Marathi is an Indo-European language having over 70 million native speakers people in (predominantly) Maharashtra India. Marathi, like many other Indo-Aryan languages, evolved from early forms of Prakrit, which itself is a subset of Sanskrit, one of the most ancient languages of the world.
Sanskrit dictionarySource: DDSA: The practical Sanskrit-English dictionary
1) Cold affecting the nose.
2) Cough, catarrh.
Derivable forms: pīnasaḥ (पीनसः).Source: Cologne Digital Sanskrit Dictionaries: Shabda-Sagara Sanskrit-English Dictionary
(-saḥ) Cold, catarrh: see pīnasa.
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(-saḥ) 1. Cough, catarrh. 2. Cold, affecting the nose, inflammation of the schneiderian membrane. E. pīna fat, ṣo to destroy, aff. ka.Source: Cologne Digital Sanskrit Dictionaries: Benfey Sanskrit-English Dictionary
Pīnasa (पीनस).—probably api-nas (= nāsā), + a, m. 1. Cold affecting the nose. 2. Catarrh, cough.Source: Cologne Digital Sanskrit Dictionaries: Cappeller Sanskrit-English Dictionary
Pīnasa (पीनस).—[masculine] rheum, catarrh; p. pīnasita & pīnasin.Source: Cologne Digital Sanskrit Dictionaries: Monier-Williams Sanskrit-English Dictionary
1) Pinasa (पिनस):—[varia lectio] for pīnasa.
2) Pīnasa (पीनस):—[=pī-nasa] m. ([probably] [from] pī = api + nas; cf. apī-nasa) cold (affecting the nose), catarrh, [Suśruta]
Sanskrit, also spelled संस्कृतम् (saṃskṛtam), is an ancient language of India commonly seen as the grandmother of the Indo-European language family (even English!). Closely allied with Prakrit and Pali, Sanskrit is more exhaustive in both grammar and terms and has the most extensive collection of literature in the world, greatly surpassing its sister-languages Greek and Latin.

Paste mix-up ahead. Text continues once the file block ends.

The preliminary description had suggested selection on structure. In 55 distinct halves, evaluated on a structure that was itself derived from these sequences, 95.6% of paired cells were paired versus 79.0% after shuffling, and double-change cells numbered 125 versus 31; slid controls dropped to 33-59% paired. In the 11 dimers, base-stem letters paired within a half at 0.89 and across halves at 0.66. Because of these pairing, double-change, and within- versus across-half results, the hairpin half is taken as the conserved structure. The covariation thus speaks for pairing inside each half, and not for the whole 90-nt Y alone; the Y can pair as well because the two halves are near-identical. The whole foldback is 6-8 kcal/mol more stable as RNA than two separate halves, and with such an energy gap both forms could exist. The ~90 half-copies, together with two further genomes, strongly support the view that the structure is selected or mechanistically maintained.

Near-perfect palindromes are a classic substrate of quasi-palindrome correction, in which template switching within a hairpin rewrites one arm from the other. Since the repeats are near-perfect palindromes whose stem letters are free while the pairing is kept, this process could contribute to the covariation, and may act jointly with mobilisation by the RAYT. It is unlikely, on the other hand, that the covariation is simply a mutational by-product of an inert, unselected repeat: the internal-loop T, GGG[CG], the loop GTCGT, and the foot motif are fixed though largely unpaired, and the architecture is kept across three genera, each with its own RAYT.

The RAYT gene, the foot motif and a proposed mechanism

See also (Relevant definitions)
Search found 9 books and stories containing Pinasa, Pi-nasa, Pī-nasa, Pināsa, Pīnasa; (plurals include: Pinasas, nasas, Pināsas, Pīnasas). You can also click to the full overview containing English textual excerpts. Below are direct links for the most relevant articles:
Rasa Jala Nidhi, vol 4: Iatrochemistry (by Bhudeb Mookerjee)
Treatment for fever (58): Sannipata-mrityunjaya rasa < [Chapter II - Fever (jvara)]
Treatment for fever (142): Laksmi-vilasa rasa < [Chapter II - Fever (jvara)]
Part 9 - Treatment of Piles (8): Hiranya-sundara rasa < [Chapter V - Piles]
Sushruta Samhita, Volume 6: Uttara-tantra (by Kaviraj Kunja Lal Bhishagratna)
Chapter XXIV - Symptoms and treatment of Catarrh < [Canto I - Shalakya-tantra (ears, eyes, nose, mouth and throat)]
Chapter LV - Symptoms and Treatment of repression of natural urging (Udavarta) < [Canto III - Kaya-chikitsa-tantra (internal medicine)]
Rasa Jala Nidhi, vol 3: Metals, Gems and other substances (by Bhudeb Mookerjee)
Part 1 - Characteristics of Copper (tamra) < [Chapter III - Metals (3): Tamra (copper)]
Part 3 - Iron variety (b): Tikshna iron < [Chapter IV - Metals (4): Lauha (iron)]
The Garuda Purana (by Manmatha Nath Dutt)
Chapter CLXX - The Nidanam of diseases of the nose < [Dhanvantari Samhita]
Yoga Vasistha [English], Volume 1-4 (by Vihari-Lala Mitra)
Chapter XIV - Ascertainment of the thinking principle < [Book V - Upasama khanda (upashama khanda)]
Rasa Jala Nidhi, vol 5: Treatment of various afflictions (by Bhudeb Mookerjee)